By MIRIAM ZARRIGA
THE K160 million worth of cocaine seized in the country’s biggest drug bust in July has been sent to Australia for “proper forensic analysis”, police say.
Deputy Commissioner of Police Operations Donald Yamasombi told The National that the 28 bags each weighing 23kg were sent on Monday, Sept 14 under a mutual legal assistance framework between PNG and Australia.
“The drugs (were) sent to Australia not because we wanted to send it (there),” Yamasombi said.
“It’s done under a mutual legal assistance framework.
“We don’t have the capabilities to analyse anything in PNG. (So) why should we keep it here?
“It is sent there so that proper forensics analysis will be done (to provide) evidence for us in court.”
Three locals, an Australia pilot and an Italian yacht owner are facing various charges linked to the drug bust at Papa-Lealea outside Port Moresby on July 26.
“Their cases are still pending in court in Port Moresby.
Assistance on criminal matters between PNG and other countries come under the Mutual Assistance in Criminal Matters Act 2005.
A foreign country can request for materials lawfully obtained and in the possession of the PNG constabulary, and vice-versa.
Because Papua New Guinea does not have the tools and capacity to properly analyse the drugs, the Attorney-General’s office has been liaising with counterparts in Australia for assistance.
The 644kg of cocaine was sent to Australia on Sept 14.
Australian police are in the process of prosecuting those associated with the planning of the PNG drug smuggling case.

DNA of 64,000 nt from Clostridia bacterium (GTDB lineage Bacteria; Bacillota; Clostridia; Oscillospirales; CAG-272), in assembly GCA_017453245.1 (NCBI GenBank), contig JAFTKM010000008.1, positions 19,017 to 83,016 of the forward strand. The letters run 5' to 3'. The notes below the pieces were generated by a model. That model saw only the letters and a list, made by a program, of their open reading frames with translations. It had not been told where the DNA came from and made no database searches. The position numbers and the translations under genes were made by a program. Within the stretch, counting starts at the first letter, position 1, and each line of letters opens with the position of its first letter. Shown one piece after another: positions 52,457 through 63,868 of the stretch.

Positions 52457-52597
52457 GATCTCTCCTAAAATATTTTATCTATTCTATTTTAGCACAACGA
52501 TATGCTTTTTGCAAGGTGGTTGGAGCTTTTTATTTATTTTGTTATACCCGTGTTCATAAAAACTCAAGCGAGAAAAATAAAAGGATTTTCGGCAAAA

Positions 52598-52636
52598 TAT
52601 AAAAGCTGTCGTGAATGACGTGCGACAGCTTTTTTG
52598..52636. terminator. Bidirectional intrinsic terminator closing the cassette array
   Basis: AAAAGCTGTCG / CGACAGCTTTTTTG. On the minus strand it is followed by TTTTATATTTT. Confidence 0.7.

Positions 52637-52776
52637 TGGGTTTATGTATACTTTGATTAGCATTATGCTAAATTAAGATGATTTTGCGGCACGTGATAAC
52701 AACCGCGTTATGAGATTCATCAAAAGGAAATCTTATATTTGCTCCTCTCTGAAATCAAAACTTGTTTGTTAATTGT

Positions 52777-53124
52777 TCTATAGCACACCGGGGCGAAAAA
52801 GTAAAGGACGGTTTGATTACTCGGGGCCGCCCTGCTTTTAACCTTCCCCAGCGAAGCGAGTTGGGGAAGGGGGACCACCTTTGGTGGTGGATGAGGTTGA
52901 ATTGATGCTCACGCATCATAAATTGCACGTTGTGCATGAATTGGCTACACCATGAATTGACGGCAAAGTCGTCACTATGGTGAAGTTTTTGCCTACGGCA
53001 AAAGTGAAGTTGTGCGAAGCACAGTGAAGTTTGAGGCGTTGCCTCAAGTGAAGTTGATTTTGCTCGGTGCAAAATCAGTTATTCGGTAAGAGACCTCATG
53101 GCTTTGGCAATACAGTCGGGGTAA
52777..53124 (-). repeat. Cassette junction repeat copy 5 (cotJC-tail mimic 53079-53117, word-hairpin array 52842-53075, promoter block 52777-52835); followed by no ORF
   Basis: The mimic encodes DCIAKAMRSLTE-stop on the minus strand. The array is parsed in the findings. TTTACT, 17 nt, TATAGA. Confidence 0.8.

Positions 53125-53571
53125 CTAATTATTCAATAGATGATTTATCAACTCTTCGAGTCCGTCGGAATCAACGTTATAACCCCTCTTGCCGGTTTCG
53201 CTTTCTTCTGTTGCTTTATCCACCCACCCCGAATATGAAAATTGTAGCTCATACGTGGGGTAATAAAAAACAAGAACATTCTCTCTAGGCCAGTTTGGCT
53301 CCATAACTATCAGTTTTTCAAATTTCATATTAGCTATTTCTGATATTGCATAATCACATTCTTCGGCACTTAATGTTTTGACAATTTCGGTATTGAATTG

Yamasombi said: “We are working (within) the legal framework in the country to ensure these drugs (and) the persons implicated in smuggling and dealing with it are prosecuted.
“The drugs (must be) properly analysed using forensics tools (to) afford evidence for the case we are doing.”
He denied that police investigations into the drug bust had been suspended.
Assistant Commissioner of Police Crimes Hodges Ette also told The National that investigations into the cocaine haul were continuing.
“The investigations have not been stalled.
“We are quietly investigating the case.’’
Prime Minister James Marape had earlier told Parliament that the cocaine would not be moved without proper consultation between the two countries.
Australian aircraft pilot David John Cutmore is charged with one count of conveying smuggled goods and one count of unauthorised air travel.
Italian yacht owner Carlo D’Attanasio is charged with two counts of smuggling prohibited goods
Both are detained at the Bomana Prison Isolation Centre.
Locals Dominic Telauki Terupa, Morgan Mogu and Shane Dikana are charged with aiding foreigners and smuggling prohibited goods.
They are also remanded at Bomana.
By MIRIAM ZARRIGA